Hey Angels and Alphas,
People are habitual, pattern-loving creatures.
Everyone has their habits! Maybe yours is drinking coffee in the morning, staying up late, or smoking. Everything you do consistently is a habit. Going to the gym is a habit for most of you.
But going to the gym is a good habit, a productive one. When it comes to our more negative habits, such as maybe smoking or binge-watching Netflix, they’re not logically doing any good to us.
According to experts, habits take time to develop and must be broken the same way they were formed. But to learn how to break any bad habit, we must first answer one very important question.
Why is kicking a bad habit so hard?
Sometimes, the original vice will have a bigger biological “reward” than its replacement, even if you replace the “bad” habit with a beneficial one. Your brain, for instance, is aware that chewing gum is not nicotine, therefore it won’t have the same euphoric effect as smoking a cigarette. The value of having an inner motivation becomes clear in this situation.
Intellectually, we are aware that giving up smoking is excellent for our health and that reducing the number of burgers we eat may aid in weight loss. However, the motivation for changing a behavior must be particular and personal. For example, quitting smoking permanently may allow you to spend more time with your family, while eating well may give you the energy you need for the outdoor activities you used to like.
Though challenging, breaking a harmful habit has advantages. And if you’re prepared to change, I’m willing to support you in taking the first step toward quitting that one terrible habit you’ve had for so long!
The first step – making a commitment.
You can’t imagine how powerful a commitment becomes when you write it down and look at it every day. I want you to sit down, grab a pen, and vent out precisely what your goal is. Make your list of “reasons why I should stop doing this” as long as you can.
The second step – creating a plan.
Many people get stuck on that commitment stage, and never really take action toward breaking their bad habit. Once you have your goal written down, write down exactly how you plan on achieving it. You need your plan to be specific, measurable, and timed. If you want to break that bad habit, you need to know exactly how you’re going to break that bond between you two and set a deadline for when that has to happen.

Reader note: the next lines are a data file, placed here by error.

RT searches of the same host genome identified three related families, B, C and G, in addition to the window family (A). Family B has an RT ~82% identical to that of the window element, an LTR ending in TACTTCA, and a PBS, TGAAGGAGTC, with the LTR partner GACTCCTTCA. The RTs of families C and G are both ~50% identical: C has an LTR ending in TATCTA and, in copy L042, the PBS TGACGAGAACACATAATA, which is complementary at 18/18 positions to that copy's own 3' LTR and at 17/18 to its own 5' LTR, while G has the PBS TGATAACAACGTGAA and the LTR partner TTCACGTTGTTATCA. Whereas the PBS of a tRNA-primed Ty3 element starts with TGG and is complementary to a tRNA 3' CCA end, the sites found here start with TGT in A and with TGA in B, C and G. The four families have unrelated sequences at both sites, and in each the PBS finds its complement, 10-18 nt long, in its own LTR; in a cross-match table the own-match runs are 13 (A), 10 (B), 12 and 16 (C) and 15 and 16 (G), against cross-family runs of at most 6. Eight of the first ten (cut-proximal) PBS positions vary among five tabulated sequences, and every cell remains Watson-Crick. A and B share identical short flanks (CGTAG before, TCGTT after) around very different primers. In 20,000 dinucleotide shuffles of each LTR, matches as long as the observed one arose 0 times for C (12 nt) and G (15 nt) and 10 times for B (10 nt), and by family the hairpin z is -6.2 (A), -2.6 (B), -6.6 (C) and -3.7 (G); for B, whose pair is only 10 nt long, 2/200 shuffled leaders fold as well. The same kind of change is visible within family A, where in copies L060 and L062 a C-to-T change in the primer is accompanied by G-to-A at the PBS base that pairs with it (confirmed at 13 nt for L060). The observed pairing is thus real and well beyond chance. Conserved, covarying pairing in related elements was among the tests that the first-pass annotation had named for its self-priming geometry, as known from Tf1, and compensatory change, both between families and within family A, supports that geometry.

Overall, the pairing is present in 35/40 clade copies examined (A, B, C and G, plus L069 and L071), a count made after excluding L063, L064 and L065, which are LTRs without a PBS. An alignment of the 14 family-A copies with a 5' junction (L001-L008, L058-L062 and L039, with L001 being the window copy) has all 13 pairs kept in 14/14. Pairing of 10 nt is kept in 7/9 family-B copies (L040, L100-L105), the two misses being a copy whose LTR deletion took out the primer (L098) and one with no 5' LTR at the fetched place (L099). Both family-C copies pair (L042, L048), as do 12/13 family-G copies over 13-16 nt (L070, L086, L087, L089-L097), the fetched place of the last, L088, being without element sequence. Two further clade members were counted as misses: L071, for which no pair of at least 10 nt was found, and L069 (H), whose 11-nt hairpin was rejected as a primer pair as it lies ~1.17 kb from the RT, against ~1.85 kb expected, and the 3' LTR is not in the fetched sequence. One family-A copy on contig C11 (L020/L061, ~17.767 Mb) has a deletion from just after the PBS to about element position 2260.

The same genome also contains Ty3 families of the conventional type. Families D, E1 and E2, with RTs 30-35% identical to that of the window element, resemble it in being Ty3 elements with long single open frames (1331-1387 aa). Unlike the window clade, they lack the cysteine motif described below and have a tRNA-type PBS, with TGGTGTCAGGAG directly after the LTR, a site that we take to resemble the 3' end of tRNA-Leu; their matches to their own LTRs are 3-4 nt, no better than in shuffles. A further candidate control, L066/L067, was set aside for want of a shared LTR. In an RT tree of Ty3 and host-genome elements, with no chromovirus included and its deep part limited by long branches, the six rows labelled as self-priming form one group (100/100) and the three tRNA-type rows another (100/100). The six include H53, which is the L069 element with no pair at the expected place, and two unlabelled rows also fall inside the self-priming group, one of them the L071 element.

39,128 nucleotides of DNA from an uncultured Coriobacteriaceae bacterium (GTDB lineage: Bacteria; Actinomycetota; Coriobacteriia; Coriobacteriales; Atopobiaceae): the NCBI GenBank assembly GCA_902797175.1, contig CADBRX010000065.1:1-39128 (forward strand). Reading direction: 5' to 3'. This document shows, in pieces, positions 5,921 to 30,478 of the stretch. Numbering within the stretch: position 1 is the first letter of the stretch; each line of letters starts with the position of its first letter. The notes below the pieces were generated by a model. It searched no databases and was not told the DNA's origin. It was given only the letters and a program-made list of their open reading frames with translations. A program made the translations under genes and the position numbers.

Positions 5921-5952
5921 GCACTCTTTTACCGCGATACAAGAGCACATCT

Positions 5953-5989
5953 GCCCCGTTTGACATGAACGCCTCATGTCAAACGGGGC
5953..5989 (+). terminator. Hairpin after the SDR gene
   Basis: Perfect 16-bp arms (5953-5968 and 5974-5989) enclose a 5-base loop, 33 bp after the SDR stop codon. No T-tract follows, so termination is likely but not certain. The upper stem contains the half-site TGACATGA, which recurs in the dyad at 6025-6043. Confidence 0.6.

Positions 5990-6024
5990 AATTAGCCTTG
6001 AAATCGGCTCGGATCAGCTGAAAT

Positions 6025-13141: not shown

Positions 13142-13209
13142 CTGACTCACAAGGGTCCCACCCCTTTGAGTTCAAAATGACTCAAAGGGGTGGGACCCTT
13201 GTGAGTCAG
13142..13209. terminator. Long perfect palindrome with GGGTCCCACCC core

The third step – find your triggers.
This is the most crucial part of your habit-breaking journey, and it’s going to help you when creating your plan. Every habit has a starting point – an event that sets off the alarm in your brain. If you start your day off with a cigarette and a coffee every day, pretty soon you won’t be satisfied with just either. Coffee can become a trigger for smoking and vice-versa. Once you become aware of these triggers, their effectiveness starts falling apart.
Keep in mind that finding triggers is the first step in creating a habit. The first step in overcoming your repetitive habits is to recognize the triggers that lead to them.
Track your habit for a few days to determine whether it exhibits any trends.
Note details such as:
- When does the trigger conduct occur?
- When in the day?
- How does it make you feel at the time?
- Exist other participants?
- Does it follow another event immediately?
Let’s assume you want to cut back on staying up late. After observing your behavior for a few days, you notice that if you start watching TV or talking to friends after supper, you tend to stay up later. However, if you read or go for a walk, you can naturally start falling asleep earlier.
Remember – kicking bad habits is supposed to be difficult. Stay on course, get rid of your triggers one by one, and make that commitment written. Pretty soon, you’ll have the power to kick out all the bad habits you never even realized you had!